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    ABSTRACT: Background: A database for studies used for U.S. Environmental Protection Agency (EPA) pesticide and chemical reviews would be an excellent resource for increasing transparency and improving systematic assessments of pesticides and chemicals. There is increased demand for disclosure of raw data from studies used by the U.S. EPA in these reviews. Objectives: Because the Information Quality Act (IQA) of 2001 provides an avenue for request of raw data, we reviewed all IQA requests to the U.S. EPA in 2002–2012 and the U.S. EPA’s responses. We identified other mechanisms to access such data: public access databases, the Freedom of Information Act (FOIA), and reanalysis by a third party. Discussion: Only two IQA requests to the U.S. EPA were for raw data. Both of these were fulfilled under FOIA, not the IQA. Barriers to the U.S. EPA’s proactive collection of all such data include costs to the U.S. EPA and researchers, significant time burdens for researchers, and major regulatory delays. The U.S. EPA regulatory authority in this area is weak, especially for research conducted in the past, not funded by the U.S. government, and/or conducted abroad. The U.S. EPA is also constrained by industry confidential business information (CBI) claims for regulatory testing data under U.S. chemical and pesticide laws. The National Institutes of Health Clinical Trials database systematically collects statistical data about clinical trials but not raw data; this database may be a model for data from studies of chemicals and pesticides. Conclusions: A database that registers studies and obtains systematic sets of parameters and results would be more feasible than a system that attempts to make all raw data available proactively. Such a proposal would not obviate rights under the IQA to obtain raw data at a later point.
    Full-text · Article · Dec 2012 · Environmental Health Perspectives
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    • "Several large, new health research efforts are developing approaches that use new technologies to modernize toxicity testing. Examples include Tox21 (Collins et al. 2008; Kavlock et al. 2009; U.S. EPA 2012a, 2012b), the National Institutes of Health's (NIH) National Institute of Environmental Health Sciences (NIEHS 2011), the National Toxicology Program (a multiagency effort headquartered at the NIEHS) (Bucher et al. 2011), the U.S. EPA's Chemical Safety for Sustainability research program (see Appendix 1), ToxCast™ (Dix et al. 2007; Judson et al. 2010a), and the Safety Evaluations Ultimately Replacing Animal Testing (SEURAT) research program (European Commission and European Cosmetics Association 2011). Of particular note is that the Tox21 program alone will gener ate new high throughput data on 10,000 chemicals, using > 100 assays, over the next few years. "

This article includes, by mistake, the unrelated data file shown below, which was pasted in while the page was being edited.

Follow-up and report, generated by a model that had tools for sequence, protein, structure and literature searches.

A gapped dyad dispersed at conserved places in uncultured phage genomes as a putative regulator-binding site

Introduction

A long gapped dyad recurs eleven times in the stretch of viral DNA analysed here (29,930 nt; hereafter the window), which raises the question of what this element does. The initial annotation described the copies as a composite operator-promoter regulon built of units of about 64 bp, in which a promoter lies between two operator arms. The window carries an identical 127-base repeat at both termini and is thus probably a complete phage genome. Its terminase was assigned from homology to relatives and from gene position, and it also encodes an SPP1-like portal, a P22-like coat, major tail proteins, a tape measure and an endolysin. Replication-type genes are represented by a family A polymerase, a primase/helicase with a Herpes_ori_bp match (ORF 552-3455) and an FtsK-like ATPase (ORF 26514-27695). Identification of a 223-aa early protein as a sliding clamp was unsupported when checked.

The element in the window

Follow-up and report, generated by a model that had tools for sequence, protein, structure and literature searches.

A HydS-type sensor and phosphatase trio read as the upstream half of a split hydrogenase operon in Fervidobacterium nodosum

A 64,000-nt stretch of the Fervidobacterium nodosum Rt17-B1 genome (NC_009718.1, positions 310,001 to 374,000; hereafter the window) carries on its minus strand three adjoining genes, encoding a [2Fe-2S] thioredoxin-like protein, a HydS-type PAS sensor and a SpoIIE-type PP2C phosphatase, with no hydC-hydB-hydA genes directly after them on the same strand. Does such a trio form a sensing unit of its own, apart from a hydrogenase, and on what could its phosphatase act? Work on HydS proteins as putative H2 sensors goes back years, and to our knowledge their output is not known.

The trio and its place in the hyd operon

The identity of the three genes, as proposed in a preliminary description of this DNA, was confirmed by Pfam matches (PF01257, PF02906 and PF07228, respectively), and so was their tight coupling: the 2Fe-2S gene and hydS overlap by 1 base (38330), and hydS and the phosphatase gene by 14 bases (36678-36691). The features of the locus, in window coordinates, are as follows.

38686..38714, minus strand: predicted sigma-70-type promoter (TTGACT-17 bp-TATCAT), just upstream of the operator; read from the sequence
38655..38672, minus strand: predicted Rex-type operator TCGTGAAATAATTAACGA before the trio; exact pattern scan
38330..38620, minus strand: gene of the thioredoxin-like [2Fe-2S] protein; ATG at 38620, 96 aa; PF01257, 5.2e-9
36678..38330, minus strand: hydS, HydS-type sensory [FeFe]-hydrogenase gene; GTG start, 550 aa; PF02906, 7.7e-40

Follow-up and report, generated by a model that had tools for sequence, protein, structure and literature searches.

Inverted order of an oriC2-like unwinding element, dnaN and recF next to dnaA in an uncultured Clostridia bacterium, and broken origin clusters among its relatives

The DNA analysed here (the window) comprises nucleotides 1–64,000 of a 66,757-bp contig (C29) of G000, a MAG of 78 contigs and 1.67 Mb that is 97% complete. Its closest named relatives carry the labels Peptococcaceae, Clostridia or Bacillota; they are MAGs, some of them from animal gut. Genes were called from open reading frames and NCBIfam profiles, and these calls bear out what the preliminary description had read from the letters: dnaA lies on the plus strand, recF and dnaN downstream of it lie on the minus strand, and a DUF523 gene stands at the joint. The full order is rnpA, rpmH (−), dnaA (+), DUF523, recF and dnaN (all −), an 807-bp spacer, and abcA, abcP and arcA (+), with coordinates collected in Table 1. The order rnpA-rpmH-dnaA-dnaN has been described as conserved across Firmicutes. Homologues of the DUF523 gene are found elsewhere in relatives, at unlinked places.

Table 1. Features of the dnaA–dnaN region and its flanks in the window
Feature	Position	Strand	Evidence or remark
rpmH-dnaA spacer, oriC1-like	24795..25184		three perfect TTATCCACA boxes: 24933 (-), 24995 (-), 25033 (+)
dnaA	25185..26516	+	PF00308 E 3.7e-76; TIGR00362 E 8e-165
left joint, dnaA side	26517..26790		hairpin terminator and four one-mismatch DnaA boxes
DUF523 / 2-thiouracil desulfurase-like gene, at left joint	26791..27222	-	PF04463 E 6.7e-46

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    ABSTRACT: Background: Over the past 20 years, knowledge of the genome and its function has increased dramatically, but risk assessment methodologies using such knowledge have not advanced accordingly. Objective: This commentary describes a collaborative effort among several federal and state agencies to advance the next generation of risk assessment. The objective of the NexGen program is to begin to incorporate recent progress in molecular and systems biology into risk assessment practice. The ultimate success of this program will be based on the incorporation of new practices that facilitate faster, cheaper, and/or more accurate assessments of public health risks. Methods: We are developing prototype risk assessments that compare the results of traditional, data-rich risk assessments with insights gained from new types of molecular and systems biology data. In this manner, new approaches can be validated, traditional approaches improved, and the value of different types of new scientific information better understood. Discussion and Conclusions: We anticipate that these new approaches will have a variety of applications, such as assessment of new and existing chemicals in commerce and the design of chemical products and processes that reduce or eliminate the use or generation of hazardous substances. Additionally, results of the effort are likely to spur further research and test methods development. Full implementation of new approaches is likely to take 10–20 years.
    Full-text · Article · Aug 2012 · Environmental Health Perspectives